While WIFI audio quality is good, it’s not stellar, and doesn’t seem to let the SRS-X9 live up to its potential. Bluetooth is acceptable if you’re using the speaker for very casual listening or as a background for a party.

Because of these irregularities, you need to think hard about what you want from your music system. If you’re content to ignore the SRS-X9’s wireless function, and will be happy running lossless audio from a connected source, you will be treated to some great sound indeed.

If, however, you are looking for a wireless solution for your home or office, I strongly suggest you audition other products before committing to the SRS-X9. I suspect you will find that there are products on the market that are able to maximize their audio potential – even with lossless files – as well over wireless connections as they can over physical ones.

Reader Comments (2)

I am looking to upgrade my very old Cambridge Soundworks Model 88CD radio. The sound from my Model 88CD radio is really superb, still better than most all-in-one stereos I hear today, however, the CD unit is skipping and Cambridge Soundworks won't fix them anymore. Also, I want a true upgrade in style and sound quality and the Sony SRS-X9 seems to be the best looking radio with the best sound quality out there. Please, I need your advice...

I am looking to purchase 3 of these units! That's right; one for my bedroom, one for the kitchen, and one for the living room. The SRS-X9 in my bedroom will be connected to my Sony T.V. with a cable connected to the audio-out on the T.V. running to the audio-in on the SRS-X9. I have a Sony Blu Ray too and I want to watch movies and listen to music with the Blu Ray player as my source. Is this possible with the SRS-X9? Also, how is the sound quality using the audio-in of the SRS-X9?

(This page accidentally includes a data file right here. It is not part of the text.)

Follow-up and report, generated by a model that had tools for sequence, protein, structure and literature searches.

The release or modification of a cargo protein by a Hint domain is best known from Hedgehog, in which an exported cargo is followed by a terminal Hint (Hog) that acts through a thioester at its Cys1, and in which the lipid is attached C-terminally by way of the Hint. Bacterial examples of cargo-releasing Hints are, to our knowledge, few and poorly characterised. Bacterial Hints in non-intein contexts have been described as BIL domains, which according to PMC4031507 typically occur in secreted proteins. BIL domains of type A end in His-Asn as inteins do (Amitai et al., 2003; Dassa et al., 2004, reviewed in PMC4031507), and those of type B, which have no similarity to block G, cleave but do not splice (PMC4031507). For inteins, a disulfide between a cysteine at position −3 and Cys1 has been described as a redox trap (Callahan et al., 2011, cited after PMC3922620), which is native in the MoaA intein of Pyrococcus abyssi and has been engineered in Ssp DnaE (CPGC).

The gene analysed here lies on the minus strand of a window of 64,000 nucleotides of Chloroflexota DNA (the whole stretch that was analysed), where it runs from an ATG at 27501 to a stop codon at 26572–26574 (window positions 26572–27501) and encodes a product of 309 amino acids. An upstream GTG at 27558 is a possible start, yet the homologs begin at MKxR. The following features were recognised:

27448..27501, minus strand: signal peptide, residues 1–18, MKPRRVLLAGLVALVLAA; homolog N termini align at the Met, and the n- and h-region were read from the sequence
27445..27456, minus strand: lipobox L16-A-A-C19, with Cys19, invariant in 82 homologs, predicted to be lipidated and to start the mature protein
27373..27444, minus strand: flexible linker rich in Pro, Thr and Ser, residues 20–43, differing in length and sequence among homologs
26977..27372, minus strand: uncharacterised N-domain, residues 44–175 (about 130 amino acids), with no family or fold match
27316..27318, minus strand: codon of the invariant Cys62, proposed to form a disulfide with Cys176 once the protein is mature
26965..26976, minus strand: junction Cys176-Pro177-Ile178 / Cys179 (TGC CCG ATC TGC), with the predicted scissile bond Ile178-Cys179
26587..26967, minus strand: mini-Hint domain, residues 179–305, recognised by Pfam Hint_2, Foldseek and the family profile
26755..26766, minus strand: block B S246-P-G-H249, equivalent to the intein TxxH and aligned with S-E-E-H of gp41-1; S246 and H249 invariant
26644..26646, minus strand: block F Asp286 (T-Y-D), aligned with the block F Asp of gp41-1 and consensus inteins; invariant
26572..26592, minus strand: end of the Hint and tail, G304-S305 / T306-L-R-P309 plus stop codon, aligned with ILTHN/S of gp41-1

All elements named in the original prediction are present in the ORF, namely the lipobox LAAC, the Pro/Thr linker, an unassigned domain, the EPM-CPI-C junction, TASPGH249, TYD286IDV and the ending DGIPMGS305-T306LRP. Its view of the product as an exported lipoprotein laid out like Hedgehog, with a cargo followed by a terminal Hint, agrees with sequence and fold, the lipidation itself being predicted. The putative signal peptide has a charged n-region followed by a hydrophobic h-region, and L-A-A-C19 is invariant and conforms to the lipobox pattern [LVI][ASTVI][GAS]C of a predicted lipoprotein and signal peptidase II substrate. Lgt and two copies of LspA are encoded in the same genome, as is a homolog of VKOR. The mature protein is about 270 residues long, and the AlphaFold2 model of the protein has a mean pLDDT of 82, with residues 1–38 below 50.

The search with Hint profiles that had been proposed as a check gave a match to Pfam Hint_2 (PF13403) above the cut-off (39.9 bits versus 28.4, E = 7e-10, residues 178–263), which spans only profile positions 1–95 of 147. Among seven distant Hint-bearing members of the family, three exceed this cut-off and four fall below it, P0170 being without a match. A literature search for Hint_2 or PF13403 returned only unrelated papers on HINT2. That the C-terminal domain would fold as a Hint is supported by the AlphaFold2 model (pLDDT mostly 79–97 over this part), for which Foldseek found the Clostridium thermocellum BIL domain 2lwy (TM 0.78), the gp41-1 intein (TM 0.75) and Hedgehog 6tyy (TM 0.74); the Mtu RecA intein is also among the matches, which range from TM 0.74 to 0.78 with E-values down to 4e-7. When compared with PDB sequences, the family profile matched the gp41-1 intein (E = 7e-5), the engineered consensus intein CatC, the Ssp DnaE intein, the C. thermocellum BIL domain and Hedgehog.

Secondly, with the SRS-X9's can I just push the NFC buttons on the all the units while I am playing a CD through the bedroom unit and will the bedroom unit communicate with the rest?

Also, I have 160 GB of music on my external hard drive burned with Apple Lossless from CD's. Will the Sony support Apple Lossless too?

You mentioned competitors in your article. Are there competitors that you would recommend over the Sony SRS-X9? (I've listened to the Sonos offerings and I thought the sound quality of the Play 3's and Play 5's was mediocre at best.)

Also, in terms of transmitting wireless music, which wireless method has the best sound quality, Airplay or Bluetooth? I have also been reading about SKAA and I was wondering if the Sony would support SKAA. Apparently there are ways to wirelessly connect music without the loss of sound quality and digital information. I just don't know them and it is the most confusing part of this puzzle for me.

The Sony SRS-X9 may be the best thing out there but I am the average Joe and I find that the learning curve to maximize the potential of wireless speakers is daunting. We are done with the age of plug-in-play, that's for sure. Your help would greatly be appreciated.


June 8, 2014 | Unregistered CommenterDavid

Did you connect it with a bluetooth device which has aptx? I tried this with Sony's own player Nwz A15 and the result was really very good! Beautiful crisp sound, detailed midrange... etc. Now I am considering to buy it, if you are saying that the bluetooth connection was the worst one, because my primary use will be USB port! Nice, thank you!

December 13, 2014 | Unregistered CommenterTibor